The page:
Reply Fri 11 Jul, 2008 09:44 am
Is the God who created us and who is described as the 'God of love' also responsible for world conditions?

Jesus would have us understand differently, as he said in John 14:30:"I shall not speak much with YOU anymore, for the ruler of the world is coming. And he has no hold on me."

It seems that, at least in this respect, the bible identifies a different culprit.
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Arella Mae
 
  2  
Reply Fri 11 Jul, 2008 12:06 pm
The Bible calls Satan the ruler (or prince, I'd have to look up the exact wording) of the air Neo. Satan is the god of the world. Dominion over it was given to him after the fall in the Garden of Eden.

But, that will soon end!
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Lash
 
  1  
Reply Fri 11 Jul, 2008 12:18 pm
The drooling over the end of time, while certainly expected, remains psychotic.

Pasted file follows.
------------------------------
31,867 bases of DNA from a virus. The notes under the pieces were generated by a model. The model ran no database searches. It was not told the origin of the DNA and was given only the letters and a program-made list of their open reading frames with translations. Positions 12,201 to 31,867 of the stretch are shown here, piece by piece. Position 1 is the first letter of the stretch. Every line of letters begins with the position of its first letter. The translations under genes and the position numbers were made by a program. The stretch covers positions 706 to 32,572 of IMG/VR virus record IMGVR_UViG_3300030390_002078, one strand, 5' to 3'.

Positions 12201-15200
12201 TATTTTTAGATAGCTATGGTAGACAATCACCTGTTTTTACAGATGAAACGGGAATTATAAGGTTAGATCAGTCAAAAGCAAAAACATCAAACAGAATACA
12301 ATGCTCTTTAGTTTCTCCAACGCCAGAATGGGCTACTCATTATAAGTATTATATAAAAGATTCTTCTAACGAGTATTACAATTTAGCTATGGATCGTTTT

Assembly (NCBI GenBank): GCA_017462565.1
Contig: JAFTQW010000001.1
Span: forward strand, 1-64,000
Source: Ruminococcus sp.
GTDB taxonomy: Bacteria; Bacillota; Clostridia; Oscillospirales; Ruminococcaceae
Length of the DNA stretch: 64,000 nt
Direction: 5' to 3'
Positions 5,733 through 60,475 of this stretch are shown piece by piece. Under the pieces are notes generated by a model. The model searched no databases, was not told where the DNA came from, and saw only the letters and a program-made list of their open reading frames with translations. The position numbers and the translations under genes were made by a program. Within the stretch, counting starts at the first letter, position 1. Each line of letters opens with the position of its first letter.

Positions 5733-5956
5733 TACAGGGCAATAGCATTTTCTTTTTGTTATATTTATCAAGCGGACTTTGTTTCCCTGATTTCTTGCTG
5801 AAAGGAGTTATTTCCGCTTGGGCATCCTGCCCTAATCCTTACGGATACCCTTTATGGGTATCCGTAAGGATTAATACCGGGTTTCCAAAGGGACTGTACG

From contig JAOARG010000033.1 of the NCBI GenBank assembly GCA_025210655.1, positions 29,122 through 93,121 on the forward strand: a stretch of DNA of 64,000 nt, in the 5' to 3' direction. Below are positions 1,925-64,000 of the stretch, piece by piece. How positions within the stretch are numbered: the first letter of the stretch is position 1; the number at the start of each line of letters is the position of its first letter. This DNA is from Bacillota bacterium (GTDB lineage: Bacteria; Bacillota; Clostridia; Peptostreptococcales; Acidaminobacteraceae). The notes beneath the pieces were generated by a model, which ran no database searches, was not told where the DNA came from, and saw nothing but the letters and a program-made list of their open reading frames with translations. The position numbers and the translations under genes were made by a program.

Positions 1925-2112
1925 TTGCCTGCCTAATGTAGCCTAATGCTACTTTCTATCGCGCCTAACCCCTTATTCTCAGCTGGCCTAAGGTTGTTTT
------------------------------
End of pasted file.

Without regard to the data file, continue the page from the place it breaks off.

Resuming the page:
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Setanta
 
  1  
Reply Fri 11 Jul, 2008 12:22 pm
And the drooling over the end of days has been in the works since the first century of this era . . .

So, if Satan is the author of all the evil in the world, who created Satan? If your imaginary friend created the cosmos and everything in it, that means Satan, too.
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neologist
 
  1  
Reply Fri 11 Jul, 2008 05:57 pm
Setanta wrote:
And the drooling over the end of days has been in the works since the first century of this era . . .

So, if Satan is the author of all the evil in the world, who created Satan? If your imaginary friend created the cosmos and everything in it, that means Satan, too.
Satan created himself. Satan, as you know is not a name, but a title. When he decided to rebel, he became a rebel; when he decided to slander, he became a slanderer.
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farmerman
 
  2  
Reply Fri 11 Jul, 2008 06:02 pm
My Catholic upbringing begs to differ with the parthenogenesis of satan. I believe that the PAul dude give some accounts in Timmy and Corinthians
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neologist
 
  1  
Reply Fri 11 Jul, 2008 06:09 pm
farmerman wrote:
My Catholic upbringing begs to differ with the parthenogenesis of satan. I believe that the PAul dude give some accounts in Timmy and Corinthians
Let US in on it, please.